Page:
There’s no question that cultivating intergenerational relationships is an obstacle many churches are seeking to overcome. We can get people from different generations to sit in the same church service, but this doesn’t mean they are “connecting.” If we desire to cultivate intergenerational relationships we must ingrain at least the following five values into the […]
There’s no question that cultivating intergenerational relationships is an obstacle many churches are seeking to overcome. We can get people from different generations to sit in the same church service, but this doesn’t mean they are “connecting.” If we desire to cultivate intergenerational relationships we must ingrain at least the following five values into the culture of our churches. Here they are and some thoughts about each one:
1. Value of Family – We cannot alienate people by language. When we speak of “family” we ought to focus on our theological family more than nuclear structures so that we do not alienate singles, college-age people, or children who unwillingly find themselves in a broken home. The bottom line is healthy nuclear families are not an end, they are a means to an end.
2. Value of Responsibility – We must help older believers understand their responsibility to invest in younger people. We cannot consider ourselves successful in ministry if we don’t focus on this. The bottom line is measuring faithfulness in ministry must include how we hold people accountable to the standards of scripture.
3. Value of Others – We must help people embrace the call of the gospel to focus on others, first. If people think their faith is about them they will then think the church exists for them and thus will not interact intergenerationally unless they feel like it benefits them. However, a gospel-centered person seeks to give community to others before seeking it for themselves.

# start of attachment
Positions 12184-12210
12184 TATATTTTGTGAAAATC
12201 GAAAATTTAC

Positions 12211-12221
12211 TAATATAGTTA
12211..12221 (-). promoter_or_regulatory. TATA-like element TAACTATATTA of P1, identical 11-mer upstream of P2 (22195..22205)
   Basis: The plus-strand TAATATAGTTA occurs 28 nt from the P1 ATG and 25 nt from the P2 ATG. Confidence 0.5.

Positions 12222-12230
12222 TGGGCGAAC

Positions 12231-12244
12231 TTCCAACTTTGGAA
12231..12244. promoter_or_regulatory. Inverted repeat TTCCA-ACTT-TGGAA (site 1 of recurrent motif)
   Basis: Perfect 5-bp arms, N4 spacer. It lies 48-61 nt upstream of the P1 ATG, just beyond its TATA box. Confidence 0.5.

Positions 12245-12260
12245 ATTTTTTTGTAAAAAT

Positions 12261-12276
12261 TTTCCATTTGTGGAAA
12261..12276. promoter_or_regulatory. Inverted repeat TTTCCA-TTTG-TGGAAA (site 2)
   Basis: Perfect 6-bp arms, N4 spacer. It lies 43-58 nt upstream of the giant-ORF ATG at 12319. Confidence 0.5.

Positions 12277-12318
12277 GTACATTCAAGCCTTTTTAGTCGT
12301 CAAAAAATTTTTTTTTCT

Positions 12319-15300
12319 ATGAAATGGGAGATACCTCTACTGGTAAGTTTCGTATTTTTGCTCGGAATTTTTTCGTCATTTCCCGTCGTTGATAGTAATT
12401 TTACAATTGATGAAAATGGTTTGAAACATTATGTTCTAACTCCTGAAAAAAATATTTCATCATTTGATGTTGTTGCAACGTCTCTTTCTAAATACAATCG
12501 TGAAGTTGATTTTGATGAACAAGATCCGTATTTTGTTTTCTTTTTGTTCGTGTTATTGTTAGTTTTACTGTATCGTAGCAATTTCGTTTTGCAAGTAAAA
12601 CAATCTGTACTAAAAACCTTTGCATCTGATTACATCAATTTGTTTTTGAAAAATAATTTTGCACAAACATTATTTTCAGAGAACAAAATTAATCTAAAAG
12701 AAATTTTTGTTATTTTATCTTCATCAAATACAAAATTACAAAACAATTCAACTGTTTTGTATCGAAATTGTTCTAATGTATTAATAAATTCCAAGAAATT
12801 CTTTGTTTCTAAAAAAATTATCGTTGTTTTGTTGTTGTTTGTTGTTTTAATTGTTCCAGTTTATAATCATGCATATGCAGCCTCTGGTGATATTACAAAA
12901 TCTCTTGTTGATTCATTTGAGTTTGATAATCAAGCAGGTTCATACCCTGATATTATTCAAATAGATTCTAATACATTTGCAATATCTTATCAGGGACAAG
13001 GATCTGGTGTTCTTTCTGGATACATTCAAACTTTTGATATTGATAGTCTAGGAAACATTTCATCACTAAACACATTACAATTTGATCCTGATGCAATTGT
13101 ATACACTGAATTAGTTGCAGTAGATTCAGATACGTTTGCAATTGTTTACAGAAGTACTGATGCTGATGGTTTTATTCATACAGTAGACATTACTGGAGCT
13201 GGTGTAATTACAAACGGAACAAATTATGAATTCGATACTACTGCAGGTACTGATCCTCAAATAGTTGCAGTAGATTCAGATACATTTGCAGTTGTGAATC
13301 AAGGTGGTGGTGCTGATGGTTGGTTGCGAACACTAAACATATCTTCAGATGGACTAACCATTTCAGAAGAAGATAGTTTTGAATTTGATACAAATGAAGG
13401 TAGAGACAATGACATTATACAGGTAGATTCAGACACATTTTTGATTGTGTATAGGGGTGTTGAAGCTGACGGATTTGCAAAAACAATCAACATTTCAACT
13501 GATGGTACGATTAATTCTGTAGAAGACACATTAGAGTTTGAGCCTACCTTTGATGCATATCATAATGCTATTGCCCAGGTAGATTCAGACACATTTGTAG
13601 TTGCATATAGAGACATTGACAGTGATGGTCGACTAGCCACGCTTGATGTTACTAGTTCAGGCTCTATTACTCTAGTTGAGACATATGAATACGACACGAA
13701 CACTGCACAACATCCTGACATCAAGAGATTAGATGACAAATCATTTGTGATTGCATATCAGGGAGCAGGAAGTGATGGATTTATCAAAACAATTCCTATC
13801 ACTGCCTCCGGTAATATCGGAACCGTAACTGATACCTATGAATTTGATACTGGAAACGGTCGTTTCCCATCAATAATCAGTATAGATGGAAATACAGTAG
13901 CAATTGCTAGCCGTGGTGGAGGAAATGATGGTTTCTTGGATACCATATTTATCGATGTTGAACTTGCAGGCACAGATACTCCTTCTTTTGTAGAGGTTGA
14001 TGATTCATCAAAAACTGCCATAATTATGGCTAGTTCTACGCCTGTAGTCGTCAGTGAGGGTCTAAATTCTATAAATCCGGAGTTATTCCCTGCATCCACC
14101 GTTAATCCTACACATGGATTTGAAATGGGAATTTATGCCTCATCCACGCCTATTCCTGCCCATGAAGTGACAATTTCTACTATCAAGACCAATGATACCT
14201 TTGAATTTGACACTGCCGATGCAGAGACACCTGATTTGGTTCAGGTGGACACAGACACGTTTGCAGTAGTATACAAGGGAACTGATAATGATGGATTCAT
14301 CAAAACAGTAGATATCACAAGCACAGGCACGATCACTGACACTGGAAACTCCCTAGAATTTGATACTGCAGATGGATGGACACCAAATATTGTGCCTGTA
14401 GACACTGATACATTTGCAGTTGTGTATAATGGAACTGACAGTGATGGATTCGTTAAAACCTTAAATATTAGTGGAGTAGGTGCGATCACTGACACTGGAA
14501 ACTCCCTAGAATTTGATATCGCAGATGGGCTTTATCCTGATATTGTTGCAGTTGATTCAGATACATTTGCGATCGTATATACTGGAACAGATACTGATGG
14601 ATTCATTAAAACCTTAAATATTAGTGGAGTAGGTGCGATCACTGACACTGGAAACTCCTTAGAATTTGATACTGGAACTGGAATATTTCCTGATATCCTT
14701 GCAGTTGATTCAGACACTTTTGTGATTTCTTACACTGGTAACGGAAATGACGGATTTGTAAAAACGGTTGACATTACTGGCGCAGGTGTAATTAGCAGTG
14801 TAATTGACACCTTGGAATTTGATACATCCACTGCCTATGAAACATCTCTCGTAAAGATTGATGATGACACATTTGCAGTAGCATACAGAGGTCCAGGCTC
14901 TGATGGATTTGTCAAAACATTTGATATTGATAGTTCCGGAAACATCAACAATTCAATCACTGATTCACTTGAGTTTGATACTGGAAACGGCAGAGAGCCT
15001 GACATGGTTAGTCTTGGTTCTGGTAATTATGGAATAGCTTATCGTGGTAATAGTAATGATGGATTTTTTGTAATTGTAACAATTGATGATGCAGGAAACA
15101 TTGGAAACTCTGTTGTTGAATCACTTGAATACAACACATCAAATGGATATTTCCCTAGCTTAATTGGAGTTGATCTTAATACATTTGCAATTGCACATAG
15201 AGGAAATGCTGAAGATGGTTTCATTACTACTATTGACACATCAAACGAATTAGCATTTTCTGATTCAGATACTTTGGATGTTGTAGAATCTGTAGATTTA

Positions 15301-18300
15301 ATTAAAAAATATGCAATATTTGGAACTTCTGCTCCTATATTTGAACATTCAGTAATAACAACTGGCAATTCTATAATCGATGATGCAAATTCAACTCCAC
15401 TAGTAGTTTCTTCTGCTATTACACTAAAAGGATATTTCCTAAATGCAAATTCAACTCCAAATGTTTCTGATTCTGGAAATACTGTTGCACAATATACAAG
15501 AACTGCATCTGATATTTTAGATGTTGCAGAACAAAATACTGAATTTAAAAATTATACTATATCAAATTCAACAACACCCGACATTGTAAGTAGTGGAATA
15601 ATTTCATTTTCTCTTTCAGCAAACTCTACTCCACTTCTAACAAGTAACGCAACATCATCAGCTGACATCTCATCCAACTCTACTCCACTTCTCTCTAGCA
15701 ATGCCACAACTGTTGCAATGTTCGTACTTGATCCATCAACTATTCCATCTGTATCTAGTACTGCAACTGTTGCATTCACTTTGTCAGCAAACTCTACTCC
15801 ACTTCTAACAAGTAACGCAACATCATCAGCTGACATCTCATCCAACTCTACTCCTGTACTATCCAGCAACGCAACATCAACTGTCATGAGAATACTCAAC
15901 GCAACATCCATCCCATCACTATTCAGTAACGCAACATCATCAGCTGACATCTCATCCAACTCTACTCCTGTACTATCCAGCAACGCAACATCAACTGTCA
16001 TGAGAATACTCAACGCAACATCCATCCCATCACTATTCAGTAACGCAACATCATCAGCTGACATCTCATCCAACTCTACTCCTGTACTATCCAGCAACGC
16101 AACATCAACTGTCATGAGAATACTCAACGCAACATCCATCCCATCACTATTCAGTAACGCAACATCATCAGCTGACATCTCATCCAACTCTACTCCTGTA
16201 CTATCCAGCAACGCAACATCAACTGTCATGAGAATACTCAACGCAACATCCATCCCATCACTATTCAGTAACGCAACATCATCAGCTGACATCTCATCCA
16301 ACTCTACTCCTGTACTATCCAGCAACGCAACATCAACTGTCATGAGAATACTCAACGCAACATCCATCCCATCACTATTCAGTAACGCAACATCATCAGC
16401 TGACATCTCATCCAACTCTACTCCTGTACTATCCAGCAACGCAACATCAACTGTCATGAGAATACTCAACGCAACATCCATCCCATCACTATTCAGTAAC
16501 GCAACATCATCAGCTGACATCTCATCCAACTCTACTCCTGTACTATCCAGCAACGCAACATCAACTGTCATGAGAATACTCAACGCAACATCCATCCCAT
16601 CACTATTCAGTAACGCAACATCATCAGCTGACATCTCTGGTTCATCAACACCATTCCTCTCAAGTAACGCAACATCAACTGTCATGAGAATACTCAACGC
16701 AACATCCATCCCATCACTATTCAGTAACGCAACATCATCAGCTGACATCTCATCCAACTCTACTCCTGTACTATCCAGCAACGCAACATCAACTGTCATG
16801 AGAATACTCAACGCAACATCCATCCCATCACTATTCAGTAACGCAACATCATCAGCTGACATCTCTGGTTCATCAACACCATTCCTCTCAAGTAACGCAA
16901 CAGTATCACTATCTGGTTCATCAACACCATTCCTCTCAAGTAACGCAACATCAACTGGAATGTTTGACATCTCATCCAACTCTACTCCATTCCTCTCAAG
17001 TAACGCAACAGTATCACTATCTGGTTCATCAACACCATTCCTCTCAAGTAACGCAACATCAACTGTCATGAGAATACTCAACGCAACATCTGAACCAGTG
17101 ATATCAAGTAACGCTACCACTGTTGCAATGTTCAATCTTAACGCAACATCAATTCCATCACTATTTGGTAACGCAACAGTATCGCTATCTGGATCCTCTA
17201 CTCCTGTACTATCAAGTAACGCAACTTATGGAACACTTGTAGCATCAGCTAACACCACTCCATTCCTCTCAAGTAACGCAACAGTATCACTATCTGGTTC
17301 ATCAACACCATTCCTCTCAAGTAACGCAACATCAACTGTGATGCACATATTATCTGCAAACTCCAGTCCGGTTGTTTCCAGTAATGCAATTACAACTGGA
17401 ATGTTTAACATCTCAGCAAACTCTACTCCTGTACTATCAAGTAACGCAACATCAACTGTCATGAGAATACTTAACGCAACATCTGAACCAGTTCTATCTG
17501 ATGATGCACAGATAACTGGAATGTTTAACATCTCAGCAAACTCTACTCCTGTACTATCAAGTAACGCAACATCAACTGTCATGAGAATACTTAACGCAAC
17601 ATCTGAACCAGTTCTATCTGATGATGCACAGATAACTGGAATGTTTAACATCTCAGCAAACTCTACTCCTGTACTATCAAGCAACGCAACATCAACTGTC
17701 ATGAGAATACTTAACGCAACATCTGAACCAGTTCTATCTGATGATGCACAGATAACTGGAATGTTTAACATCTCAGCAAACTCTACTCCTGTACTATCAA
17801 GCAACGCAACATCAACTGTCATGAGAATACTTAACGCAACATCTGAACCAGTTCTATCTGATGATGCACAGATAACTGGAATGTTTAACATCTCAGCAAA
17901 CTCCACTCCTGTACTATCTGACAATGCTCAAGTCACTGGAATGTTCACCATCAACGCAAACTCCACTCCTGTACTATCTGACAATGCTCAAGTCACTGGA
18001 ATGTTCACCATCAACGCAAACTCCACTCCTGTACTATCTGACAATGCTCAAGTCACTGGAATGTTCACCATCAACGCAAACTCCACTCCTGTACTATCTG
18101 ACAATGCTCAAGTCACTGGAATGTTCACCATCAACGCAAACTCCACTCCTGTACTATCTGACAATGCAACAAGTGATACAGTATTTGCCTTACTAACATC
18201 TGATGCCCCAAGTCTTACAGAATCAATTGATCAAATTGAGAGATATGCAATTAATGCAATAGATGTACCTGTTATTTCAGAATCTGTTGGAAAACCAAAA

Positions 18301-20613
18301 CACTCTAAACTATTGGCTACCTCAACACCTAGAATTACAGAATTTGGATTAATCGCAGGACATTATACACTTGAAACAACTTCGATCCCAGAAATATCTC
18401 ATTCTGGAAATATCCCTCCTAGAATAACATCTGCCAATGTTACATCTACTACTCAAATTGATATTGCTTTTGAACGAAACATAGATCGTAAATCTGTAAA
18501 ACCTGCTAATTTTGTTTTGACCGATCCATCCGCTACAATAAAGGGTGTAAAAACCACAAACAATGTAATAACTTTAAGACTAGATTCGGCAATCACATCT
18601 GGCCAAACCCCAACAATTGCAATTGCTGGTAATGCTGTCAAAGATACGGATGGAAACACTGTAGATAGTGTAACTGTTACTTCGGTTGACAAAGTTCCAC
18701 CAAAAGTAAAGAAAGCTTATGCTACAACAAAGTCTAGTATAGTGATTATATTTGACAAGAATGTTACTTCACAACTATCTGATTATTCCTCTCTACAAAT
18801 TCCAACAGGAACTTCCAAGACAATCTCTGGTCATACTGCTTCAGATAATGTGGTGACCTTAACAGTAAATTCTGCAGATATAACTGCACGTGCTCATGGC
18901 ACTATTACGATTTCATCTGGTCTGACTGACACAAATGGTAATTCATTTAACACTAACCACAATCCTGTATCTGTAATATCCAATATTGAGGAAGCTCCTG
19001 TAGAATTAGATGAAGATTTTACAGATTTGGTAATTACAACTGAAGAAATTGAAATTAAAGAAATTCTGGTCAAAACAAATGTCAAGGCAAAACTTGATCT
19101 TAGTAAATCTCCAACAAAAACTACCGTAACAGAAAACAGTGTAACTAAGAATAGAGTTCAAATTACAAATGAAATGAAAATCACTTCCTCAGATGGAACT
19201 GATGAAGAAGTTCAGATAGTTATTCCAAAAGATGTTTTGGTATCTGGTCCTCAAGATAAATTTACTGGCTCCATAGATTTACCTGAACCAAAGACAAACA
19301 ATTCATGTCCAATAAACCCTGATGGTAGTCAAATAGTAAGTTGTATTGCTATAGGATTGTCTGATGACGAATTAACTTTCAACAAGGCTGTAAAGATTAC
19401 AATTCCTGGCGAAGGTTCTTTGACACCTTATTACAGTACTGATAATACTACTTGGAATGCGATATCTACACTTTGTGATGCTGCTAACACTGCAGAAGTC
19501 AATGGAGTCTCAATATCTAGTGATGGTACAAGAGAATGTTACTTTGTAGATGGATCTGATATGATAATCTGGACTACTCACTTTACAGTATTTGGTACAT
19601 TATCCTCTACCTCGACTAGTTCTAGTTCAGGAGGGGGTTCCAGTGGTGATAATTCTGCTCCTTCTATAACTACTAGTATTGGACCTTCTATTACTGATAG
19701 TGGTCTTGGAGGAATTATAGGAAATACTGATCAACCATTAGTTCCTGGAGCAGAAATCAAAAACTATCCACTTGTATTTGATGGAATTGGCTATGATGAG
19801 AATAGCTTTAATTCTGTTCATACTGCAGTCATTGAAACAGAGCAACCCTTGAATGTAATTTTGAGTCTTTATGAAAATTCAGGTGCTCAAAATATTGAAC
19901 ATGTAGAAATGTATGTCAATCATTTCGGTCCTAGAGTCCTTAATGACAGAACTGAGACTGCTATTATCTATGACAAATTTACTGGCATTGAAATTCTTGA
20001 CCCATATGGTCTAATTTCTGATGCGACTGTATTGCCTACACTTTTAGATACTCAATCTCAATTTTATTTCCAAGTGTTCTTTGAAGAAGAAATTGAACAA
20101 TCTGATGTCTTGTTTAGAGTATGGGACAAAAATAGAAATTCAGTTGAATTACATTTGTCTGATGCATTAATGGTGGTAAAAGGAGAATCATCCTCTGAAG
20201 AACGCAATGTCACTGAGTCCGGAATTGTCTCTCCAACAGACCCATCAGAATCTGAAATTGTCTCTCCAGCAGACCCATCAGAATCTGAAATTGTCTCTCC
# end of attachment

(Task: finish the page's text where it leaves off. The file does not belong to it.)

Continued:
4. Value of Quality – We must begin finding ways to measure quality of relationships. We typically only measure quantitative elements in ministry. Churches that are helping cultivate intergenerational relationships are finding ways to measure quality. The bottom line is measuring quantity is not necessarily a sign of success for spiritual leaders.
5. Value of Difference – We must embrace our unique differences, but also value the differences of others (personality, giftedness, etc.) to the point where we intentionally pursue those different from us. Churches have traditionally structured around affinity because we are inherently attracted to those just like us anyway. However, embracing the value of difference would lead to us to also structuring toward diversity. I’ve found that if we structure to promote and protect diversity, affinity naturally happens. But if we only structure around affinity we tend to lose the beauty of diversity, which ultimately leads to generational disconnection.
After serving for almost nine years as pastor of student ministries at Cornerstone in Simi Valley, California, Chuck Bomar is now the senior pastor of Colossae Church located in Portland, Oregon. He’s also the founder of CollegeLeader: an organization focused on helping local church leaders understand and embrace ministry to college-age people. Chuck has written numerous resources including, College Ministry 101: a guide to working with 18-25 year olds (YS/Zondervan). He and his wife, Barbara, have two daughters, Karis and Hope.